Dr Bernard was a National Health Care Scholar and served at a Federally Qualified Health Center in Immokalee, Florida for six years after her residency. She then worked for a large out-patient hospital group before opening her own practice, which she con
Physicians, just like the patients we serve, are facing an unprecedented emotional burden from the COVID-19 pandemic.
Physicians, just like the patients we serve, are facing an unprecedented emotional burden from the COVID-19 pandemic. First-line responders are at especially high risk of experiencing psychological hardship from the burden of disease, death and anxiety, while physicians not on the front lines are feeling the strain of worried patients, financial hardship and uncertainty about the future.
Increased emotional stress during this difficult time may also increase the risk of physician depression. An estimated 300 to 400 physicians take their own lives each year.
Emotions, just like viruses, are contagious. Psychologist and author Steven Cohen, Psy.D., notes that doctors, just like all others, are at risk of internalizing the negative feelings of the people around them. Physicians who work in a daily atmosphere of severe emotional distress and fear must take special precautions to avoid being overwhelmed by negative emotions.
According to Cohen, the first step to managing emotional distress is to simply acknowledge and examine our emotional reactions. Physicians often experience guilt, anxiety or shame when we experience powerful emotions like sadness or anger. This discomfort prompts us to try to repress these feelings. Cohen says that it’s essential to acknowledge and reflect on these feelings. The simple act of labeling our emotions can be a powerful tool in coping with these feelings.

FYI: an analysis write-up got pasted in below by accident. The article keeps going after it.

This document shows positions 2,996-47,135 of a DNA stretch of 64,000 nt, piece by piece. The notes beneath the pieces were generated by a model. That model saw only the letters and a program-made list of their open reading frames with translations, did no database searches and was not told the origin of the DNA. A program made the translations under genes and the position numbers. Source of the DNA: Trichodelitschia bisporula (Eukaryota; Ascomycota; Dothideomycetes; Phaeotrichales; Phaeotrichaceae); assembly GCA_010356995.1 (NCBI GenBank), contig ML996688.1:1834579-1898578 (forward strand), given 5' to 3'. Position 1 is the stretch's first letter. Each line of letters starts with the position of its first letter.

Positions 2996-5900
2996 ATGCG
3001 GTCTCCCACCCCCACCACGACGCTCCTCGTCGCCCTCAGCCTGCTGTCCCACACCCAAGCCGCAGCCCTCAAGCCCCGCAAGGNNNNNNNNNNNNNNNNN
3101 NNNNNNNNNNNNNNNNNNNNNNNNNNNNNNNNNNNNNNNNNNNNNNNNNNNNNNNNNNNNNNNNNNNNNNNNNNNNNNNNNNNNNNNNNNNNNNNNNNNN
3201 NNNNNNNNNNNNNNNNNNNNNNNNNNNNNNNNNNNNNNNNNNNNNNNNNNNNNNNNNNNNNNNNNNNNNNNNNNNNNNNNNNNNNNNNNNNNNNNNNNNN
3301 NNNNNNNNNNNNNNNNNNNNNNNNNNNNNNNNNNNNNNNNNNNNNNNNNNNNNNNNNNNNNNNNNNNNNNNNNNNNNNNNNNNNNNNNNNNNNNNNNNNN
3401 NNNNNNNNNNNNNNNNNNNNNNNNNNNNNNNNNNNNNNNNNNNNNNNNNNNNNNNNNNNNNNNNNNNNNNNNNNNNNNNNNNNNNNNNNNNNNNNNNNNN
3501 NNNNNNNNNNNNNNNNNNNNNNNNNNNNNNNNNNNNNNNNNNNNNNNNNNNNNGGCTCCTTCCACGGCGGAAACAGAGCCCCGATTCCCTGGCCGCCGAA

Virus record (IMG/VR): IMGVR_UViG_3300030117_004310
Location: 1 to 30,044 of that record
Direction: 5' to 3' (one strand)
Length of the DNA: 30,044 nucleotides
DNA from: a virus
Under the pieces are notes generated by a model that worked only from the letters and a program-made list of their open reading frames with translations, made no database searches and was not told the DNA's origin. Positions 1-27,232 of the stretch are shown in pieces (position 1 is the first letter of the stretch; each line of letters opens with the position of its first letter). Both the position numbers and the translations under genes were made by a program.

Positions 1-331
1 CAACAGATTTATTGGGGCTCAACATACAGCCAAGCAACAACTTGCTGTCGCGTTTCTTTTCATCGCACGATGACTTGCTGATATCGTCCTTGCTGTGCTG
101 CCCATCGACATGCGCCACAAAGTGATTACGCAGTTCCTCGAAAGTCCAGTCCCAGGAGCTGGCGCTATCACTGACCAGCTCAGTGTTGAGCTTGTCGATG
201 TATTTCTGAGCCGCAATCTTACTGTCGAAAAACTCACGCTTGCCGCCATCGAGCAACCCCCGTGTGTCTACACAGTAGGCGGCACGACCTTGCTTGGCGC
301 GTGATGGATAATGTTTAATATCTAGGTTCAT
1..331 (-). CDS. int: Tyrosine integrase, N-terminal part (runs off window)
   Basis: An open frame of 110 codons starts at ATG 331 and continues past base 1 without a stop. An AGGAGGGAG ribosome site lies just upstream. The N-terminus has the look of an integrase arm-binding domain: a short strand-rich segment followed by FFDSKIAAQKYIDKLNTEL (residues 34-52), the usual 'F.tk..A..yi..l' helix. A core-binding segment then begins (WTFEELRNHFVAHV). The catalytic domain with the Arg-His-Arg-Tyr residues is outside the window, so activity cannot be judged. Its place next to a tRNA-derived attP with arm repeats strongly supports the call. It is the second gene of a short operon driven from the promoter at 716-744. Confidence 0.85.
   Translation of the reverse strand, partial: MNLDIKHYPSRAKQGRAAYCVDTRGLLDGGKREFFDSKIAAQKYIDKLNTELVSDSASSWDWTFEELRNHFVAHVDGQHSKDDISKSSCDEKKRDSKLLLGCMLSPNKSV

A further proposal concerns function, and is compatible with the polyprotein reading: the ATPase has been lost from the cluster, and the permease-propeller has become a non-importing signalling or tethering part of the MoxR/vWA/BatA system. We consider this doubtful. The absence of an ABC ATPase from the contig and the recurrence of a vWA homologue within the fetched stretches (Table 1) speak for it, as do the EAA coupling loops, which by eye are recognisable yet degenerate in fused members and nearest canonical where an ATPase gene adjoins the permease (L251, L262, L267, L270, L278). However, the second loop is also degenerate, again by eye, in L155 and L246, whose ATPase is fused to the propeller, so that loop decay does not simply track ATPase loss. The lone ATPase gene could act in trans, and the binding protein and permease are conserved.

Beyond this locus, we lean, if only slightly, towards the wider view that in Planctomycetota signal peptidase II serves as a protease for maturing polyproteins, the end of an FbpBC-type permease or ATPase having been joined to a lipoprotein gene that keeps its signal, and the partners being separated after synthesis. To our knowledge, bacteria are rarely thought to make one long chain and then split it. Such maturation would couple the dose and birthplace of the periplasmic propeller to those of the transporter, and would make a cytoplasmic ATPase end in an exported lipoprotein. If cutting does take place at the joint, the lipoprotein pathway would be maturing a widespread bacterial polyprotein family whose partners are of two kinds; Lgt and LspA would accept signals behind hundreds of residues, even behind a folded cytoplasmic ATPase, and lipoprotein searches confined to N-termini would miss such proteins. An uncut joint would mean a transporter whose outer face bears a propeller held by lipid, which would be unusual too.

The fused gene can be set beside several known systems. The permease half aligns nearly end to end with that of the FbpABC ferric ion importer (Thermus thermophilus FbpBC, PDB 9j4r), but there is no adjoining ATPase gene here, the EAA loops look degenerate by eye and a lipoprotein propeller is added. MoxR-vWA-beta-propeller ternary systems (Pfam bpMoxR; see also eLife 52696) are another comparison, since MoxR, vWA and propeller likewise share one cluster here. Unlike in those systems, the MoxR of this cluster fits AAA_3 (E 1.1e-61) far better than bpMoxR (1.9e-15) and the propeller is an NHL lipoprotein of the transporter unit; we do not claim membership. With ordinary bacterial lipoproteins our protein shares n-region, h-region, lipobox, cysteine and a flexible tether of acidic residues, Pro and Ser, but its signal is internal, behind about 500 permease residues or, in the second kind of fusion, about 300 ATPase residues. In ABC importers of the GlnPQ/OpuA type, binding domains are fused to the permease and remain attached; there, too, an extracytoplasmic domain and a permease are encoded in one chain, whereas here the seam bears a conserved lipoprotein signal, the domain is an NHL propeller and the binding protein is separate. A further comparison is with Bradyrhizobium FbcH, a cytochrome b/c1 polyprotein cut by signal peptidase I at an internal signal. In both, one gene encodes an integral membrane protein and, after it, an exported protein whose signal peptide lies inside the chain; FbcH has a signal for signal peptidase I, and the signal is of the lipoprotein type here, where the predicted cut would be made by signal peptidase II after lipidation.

This is especially important when we experience the emotional impact of patient death. Physicians who lose patients report feelings of self-doubt, failure, guilt and powerlessness. Physicians also report sadness after a patient’s death, including experiencing insomnia and crying.
Traditionally, grief in medical training has been considered weak or unprofessional, and doctors have been encouraged to keep their feelings inside. Rather than openly expressing grief, physicians instead use compartmentalization, isolation and distraction to avoid our negative emotions.
The problem with these techniques is that they are emotional barriers that prevent us from addressing our feelings. Instead, we must practice healthy coping mechanisms such as acknowledging our feelings and accepting support from others.
Share your feelings
Physicians are often reluctant to share our negative emotions with others. Sometimes we choose not to share the negatives in our life because we don’t want to burden our friends or partners. This noble intention can cause a relationship rift because it does not allow others in our life to offer support. Ultimately, that leads to our own isolation. It is critically important to open up about our feelings with those closest to us - a family member or trusted friend or colleague.
In some cases, we may need to reach out to a professional to help us cope with powerful emotions. Asking for help is not a sign of weakness. It takes more courage to ask for help than it does to suffer in silence. And getting help makes us stronger so we can help others.
We must remember that we are not alone. Physicians are incredibly resilient - you do not get through medical school, internship and residency without incredible fortitude. We will get through this as well. We just need a little help from our friends, family, each other and, perhaps, a good psychologist.
Rebekah Bernard, M.D., is a family physician in Fort Myers, Florida, and the author of “Physician Wellness: The Rock Star Doctor’s Guide.”Download Issue : June 2020 Edition